Monthly Archives: December 2019





Tim Pool (above) is a journalist who covers politics for a living. Every day, he posts videos guaranteed to push somebody’s button — on the left or right.  Yet I’ve never seen Pool get so worked up, so frothing-at-the-mouth angry, about any subject like he does in the video below. The subject? It’s not Trump. It’s not the media. It’s not immigration. It’s the movie Cats.



Can’t say that I blame Tim.

I don’t go to a lot of plays, but to the best of my recollection, I’ve only walked out of one. About 30 years ago, my then-wife and I got up and walked out of a touring production of, you guessed it, Cats.

By the way, the clip above isn’t Pool’s entire rant. If you want to see all 13 hilarious minutes of it, check out “Timcast” on YouTube.




Sex in the News!


Every week there is some new controversial Web post or podcast sex scandal involving “celebrities” I’ve never heard of:



I guess Wayne Gretzky’s daughter created a stir when she posted this cheeky photo on Instagram: Paulina Gretzky Tappen


I guess the NHL analyst pictured on the right above said something kinky about his blonde coworker, pictured on the left.

Below, the coworker, Kathryn Tappen, is shown on the run. We’re guessing she’s on the run from the analyst. Tappen legs


By the way, we don’t care about any of these people. We just wanted to post the pictures.





Season two of Lost in Space is streaming on Netflix. It’s an enjoyable show because the actors who play the Robinson family are clever and charming, and some of the action scenes are truly spectacular.

But the show often turns into a yawner when the Robinsons are forced to interact with the dullard humans they encounter.


© 2010-2024 (text only)


We get a lot of review requests along with links to private “screeners.” Mostly, these are low-budget movies so dreadful that they don’t even appear on Netflix or Amazon Prime – yet.  They have titles like Luciferina and The Haunting of Mia Moss and, in this case, Lection and Shed.

Often the movies are unfinished: The soundtrack might not match the video, the credits have yet to be added, that sort of thing. But occasionally these films have a certain rustic charm; the spirit of Ed Wood living on.




Low-budget movies tend to come in two distinct categories: watchable and unwatchable. Today, we take a look at two movies released this year by South Carolina filmmaker David Axe.

One is quite watchable and the other, well … you guessed it.





Lection has probably the least amount of dialogue since 1928 – the year they stopped making silent movies (more or less). The story is set in a post-apocalyptic future in which two casualties are the spoken word and the written word. “Election” becomes “lection,” “vote” becomes “vot.” Conversation becomes nearly non-existent.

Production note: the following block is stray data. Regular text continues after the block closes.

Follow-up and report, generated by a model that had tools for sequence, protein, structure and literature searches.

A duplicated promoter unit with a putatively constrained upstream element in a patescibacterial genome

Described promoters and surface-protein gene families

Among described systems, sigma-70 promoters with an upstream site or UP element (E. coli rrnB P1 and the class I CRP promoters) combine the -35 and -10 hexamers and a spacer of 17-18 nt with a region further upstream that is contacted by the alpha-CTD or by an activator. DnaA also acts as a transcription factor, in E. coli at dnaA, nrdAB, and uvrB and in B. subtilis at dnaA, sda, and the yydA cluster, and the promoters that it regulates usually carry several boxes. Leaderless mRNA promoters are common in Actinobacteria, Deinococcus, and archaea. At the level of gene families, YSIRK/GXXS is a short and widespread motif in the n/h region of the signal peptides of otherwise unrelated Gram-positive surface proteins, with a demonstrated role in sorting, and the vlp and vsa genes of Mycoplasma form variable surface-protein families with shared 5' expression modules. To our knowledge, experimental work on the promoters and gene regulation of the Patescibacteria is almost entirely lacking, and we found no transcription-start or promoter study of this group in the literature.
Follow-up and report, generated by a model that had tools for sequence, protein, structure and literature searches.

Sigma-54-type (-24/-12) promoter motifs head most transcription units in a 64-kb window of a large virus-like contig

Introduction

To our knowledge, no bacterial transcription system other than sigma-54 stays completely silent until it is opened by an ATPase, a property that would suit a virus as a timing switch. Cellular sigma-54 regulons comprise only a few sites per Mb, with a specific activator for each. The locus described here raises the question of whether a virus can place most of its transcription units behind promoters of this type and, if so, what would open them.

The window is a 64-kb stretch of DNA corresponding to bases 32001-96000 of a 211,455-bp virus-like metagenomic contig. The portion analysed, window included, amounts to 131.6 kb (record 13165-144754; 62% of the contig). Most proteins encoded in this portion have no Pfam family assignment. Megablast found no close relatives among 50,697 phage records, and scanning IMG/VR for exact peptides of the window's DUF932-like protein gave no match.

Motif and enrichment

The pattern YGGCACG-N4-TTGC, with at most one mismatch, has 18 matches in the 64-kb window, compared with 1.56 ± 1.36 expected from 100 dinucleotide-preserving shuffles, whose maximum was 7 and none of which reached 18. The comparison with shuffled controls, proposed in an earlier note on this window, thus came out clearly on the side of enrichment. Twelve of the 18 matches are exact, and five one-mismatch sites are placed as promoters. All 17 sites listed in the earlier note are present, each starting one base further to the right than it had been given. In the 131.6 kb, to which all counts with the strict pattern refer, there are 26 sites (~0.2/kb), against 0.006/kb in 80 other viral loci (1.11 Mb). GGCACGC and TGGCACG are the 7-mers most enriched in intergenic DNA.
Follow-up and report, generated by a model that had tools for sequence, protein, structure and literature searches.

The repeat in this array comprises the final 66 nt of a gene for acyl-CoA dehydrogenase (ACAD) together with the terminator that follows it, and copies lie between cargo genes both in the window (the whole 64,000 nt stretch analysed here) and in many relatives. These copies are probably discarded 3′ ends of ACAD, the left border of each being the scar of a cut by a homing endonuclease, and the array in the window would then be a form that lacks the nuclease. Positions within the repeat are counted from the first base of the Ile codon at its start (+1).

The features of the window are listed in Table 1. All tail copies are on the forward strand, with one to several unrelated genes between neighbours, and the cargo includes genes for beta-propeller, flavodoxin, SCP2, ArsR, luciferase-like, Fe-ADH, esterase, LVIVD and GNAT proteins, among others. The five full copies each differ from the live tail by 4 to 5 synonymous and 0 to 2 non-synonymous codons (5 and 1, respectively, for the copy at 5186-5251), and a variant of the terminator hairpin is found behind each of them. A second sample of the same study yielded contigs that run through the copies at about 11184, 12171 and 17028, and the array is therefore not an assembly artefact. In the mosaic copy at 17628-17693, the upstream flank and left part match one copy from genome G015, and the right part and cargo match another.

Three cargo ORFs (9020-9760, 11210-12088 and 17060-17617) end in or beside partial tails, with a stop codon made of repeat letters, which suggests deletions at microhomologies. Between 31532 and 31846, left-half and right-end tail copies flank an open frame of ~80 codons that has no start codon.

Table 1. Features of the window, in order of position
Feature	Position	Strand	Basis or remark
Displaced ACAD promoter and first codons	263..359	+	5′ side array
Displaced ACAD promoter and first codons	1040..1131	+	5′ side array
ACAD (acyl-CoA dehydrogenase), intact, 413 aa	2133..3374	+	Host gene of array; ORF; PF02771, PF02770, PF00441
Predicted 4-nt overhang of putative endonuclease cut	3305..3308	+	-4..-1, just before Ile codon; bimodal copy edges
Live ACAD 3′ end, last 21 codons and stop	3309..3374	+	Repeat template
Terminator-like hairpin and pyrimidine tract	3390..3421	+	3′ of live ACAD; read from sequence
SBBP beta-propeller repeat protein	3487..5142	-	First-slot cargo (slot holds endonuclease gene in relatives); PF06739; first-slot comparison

A third casualty is the movie’s wardrobe department, which can happen when your budget is a mere $25,000 and the amateur cast is encouraged to wear their Saturday-afternoon shabbies. Hey, it’s OK though, because this is the (extremely) casual, dystopian future.

Anyway, a rag-tag group of survivors has split into two factions fighting for more bread. Or rather, “mor bred.” One faction is led by a sexy young black woman (Sanethia Dresch). The other group is led by a grumpy old white man. You can probably guess which side wins.


(Above right, actress Sanethia Dresch’s shapely backside; more about that below)


I’ll credit writer-director David Axe with this: His story is ambitious. It wants to explore the societal division between haves and have-nots. The problem is the movie’s execution. (I’m reminded of football coach John McKay’s rejoinder when asked what he thought of his team’s execution: “I’m in favor of it.”)

A major problem with Lection is its lack of dialogue. No speaking means long, long, long stretches of deadly dull footage in which nothing much happens. In this case, less is not more.

To watch the trailer for Lection, click here.




(Above, Mike Amason in Shed)


Compared to Lection, a lot happens in Shed (not to be confused with The Shed, another 2019 premiere), an Axe production that features many of the same actors from Lection but in a much more entertaining movie. Unlike Lection, Shed is a watchable mess.

It’s a bit of a throwback to 1980s schlock, but Axe has a few things going for him: His musical soundtrack is distinctive and surreal; and the man certainly has visual flair. Many of Axe’s shots are clever.

But mostly, Shed is enjoyable on a guilty-pleasure level. If you like gore, there is that. If you like gratuitous nudity, there is plenty of that. There are even moments that reminded me of – in a good way – Blade Runner. And if you enjoy hammy performances, here we have Lection’s Mike Amason (pictured above) in another villainous role.

The plot involves some mumbo-jumbo about an unhuman species that traversed the Atlantic hundreds of years ago, and which must kill humans in order to inhabit their skins. Events are frequently incomprehensible, but the film is never dull. Axe’s musical score, his pacing, some over-the-top performances, and the striking visuals ensure the movie’s entertainment value.

To watch the trailer for Shed, click here.




The Mysterious Case of the Vanishing Actress (and Her Shapely Derriere)



One thing Lection and Shed have in common is actress Sanethia Dresch, who stars in the former and provides support in the latter. She is a bright spot in both films. We tried to interview her.

After initially agreeing to do the interview, she did not reply to the actual questions. We’re guessing she might not have cared for our third query: